Now let’s get back to ordinary things. The shell is made of KPA (Kinetic Polymer Alloy) material, which blends aramid fibers into a high-end polymer. It allows the shell to disperse energy and sturdiness to stand even a powerful hit. That is why DOT and ECE approve it. By the way, LS2 Valiant is a dual-homologation helmet, meaning that ECE certified it as both a full-face and open-face helmet.

This headgear gets a little heavy during long rides as it weighs around 3.79 lbs, but here is what has been done to improve your wearing experience. First, they use a technical fabric that wicks moisture to keep you cool to produce the lining. Second, 3D laser-cut cheek pads ensure a sleek fit and eliminate hot spots for all-day comfort. However, let me warn you – this helmet runs small, so go one size bigger. Finally, a Pinlock-ready face shield and in-built sun visor ensure clear vision in any weather.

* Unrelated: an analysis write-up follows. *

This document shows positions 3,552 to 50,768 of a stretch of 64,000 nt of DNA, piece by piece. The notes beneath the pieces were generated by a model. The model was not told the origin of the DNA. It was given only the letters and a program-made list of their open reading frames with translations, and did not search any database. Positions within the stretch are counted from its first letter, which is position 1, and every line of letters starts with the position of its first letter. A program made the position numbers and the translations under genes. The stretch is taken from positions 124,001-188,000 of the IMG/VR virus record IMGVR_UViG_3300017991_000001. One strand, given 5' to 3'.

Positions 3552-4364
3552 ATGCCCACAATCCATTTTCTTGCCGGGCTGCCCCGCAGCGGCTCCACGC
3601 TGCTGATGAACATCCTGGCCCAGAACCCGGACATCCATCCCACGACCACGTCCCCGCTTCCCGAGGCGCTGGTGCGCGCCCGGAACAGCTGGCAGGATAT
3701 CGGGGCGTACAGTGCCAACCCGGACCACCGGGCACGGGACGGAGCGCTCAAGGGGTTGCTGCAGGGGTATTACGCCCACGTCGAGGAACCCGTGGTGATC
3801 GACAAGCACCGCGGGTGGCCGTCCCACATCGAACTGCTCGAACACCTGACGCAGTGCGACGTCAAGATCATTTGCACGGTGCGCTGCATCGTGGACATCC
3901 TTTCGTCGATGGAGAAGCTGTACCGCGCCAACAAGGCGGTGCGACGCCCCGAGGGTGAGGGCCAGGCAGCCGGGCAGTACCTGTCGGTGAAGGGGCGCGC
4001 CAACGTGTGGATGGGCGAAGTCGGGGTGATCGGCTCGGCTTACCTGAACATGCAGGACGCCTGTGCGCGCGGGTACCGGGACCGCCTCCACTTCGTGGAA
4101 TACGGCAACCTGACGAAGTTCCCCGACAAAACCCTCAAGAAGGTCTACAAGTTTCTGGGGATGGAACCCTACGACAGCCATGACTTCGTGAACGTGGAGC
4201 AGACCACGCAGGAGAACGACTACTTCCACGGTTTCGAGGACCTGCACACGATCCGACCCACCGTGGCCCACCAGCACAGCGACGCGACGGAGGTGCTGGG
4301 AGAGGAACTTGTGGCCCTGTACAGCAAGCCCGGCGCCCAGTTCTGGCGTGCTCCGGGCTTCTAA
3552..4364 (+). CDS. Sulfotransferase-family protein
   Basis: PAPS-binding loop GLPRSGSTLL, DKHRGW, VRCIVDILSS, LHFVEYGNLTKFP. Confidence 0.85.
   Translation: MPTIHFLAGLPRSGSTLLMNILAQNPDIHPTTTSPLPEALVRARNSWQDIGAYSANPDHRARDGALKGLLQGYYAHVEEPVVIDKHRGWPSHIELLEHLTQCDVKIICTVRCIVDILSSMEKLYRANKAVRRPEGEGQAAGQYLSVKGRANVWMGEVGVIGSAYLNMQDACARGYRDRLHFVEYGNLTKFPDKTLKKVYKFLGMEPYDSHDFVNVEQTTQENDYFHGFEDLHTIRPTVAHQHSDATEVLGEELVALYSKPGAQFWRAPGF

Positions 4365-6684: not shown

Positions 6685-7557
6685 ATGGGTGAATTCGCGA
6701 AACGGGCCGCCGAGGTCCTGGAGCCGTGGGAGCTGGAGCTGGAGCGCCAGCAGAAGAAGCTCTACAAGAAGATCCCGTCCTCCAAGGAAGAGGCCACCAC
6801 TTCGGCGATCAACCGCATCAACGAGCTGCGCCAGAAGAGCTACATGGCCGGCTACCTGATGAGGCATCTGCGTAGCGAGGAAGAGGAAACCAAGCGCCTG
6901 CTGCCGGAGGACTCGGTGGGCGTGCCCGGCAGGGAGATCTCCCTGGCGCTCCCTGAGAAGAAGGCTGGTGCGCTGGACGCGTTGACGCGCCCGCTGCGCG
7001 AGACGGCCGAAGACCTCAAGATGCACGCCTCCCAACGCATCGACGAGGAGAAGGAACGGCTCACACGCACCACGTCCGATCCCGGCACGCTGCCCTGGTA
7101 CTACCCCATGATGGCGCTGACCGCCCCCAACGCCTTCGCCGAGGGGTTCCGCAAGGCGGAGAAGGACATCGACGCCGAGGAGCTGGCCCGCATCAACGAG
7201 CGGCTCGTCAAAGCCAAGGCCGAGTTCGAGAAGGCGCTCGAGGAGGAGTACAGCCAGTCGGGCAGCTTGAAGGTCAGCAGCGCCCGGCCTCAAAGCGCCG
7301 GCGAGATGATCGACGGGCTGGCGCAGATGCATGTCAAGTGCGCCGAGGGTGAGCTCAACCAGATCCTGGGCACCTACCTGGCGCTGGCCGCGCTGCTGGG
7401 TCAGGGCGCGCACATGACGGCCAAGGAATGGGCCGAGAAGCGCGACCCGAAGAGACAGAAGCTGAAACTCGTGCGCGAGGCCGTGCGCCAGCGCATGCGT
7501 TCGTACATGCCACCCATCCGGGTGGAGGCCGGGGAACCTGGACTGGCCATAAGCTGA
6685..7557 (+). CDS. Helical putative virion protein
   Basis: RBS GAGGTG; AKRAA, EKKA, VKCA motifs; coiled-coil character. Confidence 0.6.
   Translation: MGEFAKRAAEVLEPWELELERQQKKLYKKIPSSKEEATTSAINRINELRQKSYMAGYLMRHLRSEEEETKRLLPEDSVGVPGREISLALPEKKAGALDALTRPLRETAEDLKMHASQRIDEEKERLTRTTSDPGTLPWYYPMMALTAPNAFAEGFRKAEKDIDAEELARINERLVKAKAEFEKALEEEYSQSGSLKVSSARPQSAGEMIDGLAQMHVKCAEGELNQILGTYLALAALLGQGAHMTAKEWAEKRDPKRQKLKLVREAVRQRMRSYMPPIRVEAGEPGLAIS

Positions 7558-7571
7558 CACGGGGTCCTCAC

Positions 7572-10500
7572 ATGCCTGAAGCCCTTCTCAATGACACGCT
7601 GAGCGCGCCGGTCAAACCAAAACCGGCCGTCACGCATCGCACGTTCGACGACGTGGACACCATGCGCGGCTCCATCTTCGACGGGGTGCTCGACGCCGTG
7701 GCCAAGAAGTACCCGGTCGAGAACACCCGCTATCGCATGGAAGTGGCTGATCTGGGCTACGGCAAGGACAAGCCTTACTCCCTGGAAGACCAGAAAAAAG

LS2 Valiant photo

I can feel the air flowing through my face as I ride, so the LS2 Valiant ventilation is pretty good. But I thoroughly dislike noise isolation. My ears ring even when I wear earplugs and ride at highway speeds. As a matter of fact, you can connect to a Bluetooth system for communication or listening to music, but not all speakers fit. So I had to customize the pockets and alternate the microphone mount to make it work properly.

Finding the best modular helmet under 300 dollars is not a problem anymore. LS2 Valiant is a brilliant example of a functional modular headgear that will protect your head in any mode. Its 180-degree chin flip system makes the helmet easy to use and lets you turn it into an open-face one in seconds.

Key specs

  • Helmet type: full-face.
  • Head shape: intermediate oval.
  • Safety certification: DOT, ECE.
  • Shell sizes: XS, SM, MD, LG, XL-3XL.
  • Shell material: kinetic polymer alloy.
  • Weight, g/lbs: 1796/3.96.


  • A scratch-resistant face shield with a Pinlock insert and integrated sun visor.
  • A 180-degree chin flip system for ease of use.
  • Moisture-wicking lining and 3D laser-cut cheek pads for comfort.
  • DOT and ECE certificates.


  • You may need to get one size bigger than your regular size.
  • Not all Bluetooth systems fit the helmet perfectly.
  • Poor noise isolation.

Scorpion EXO Covert X – half helmet

Scorpion EXO Covert X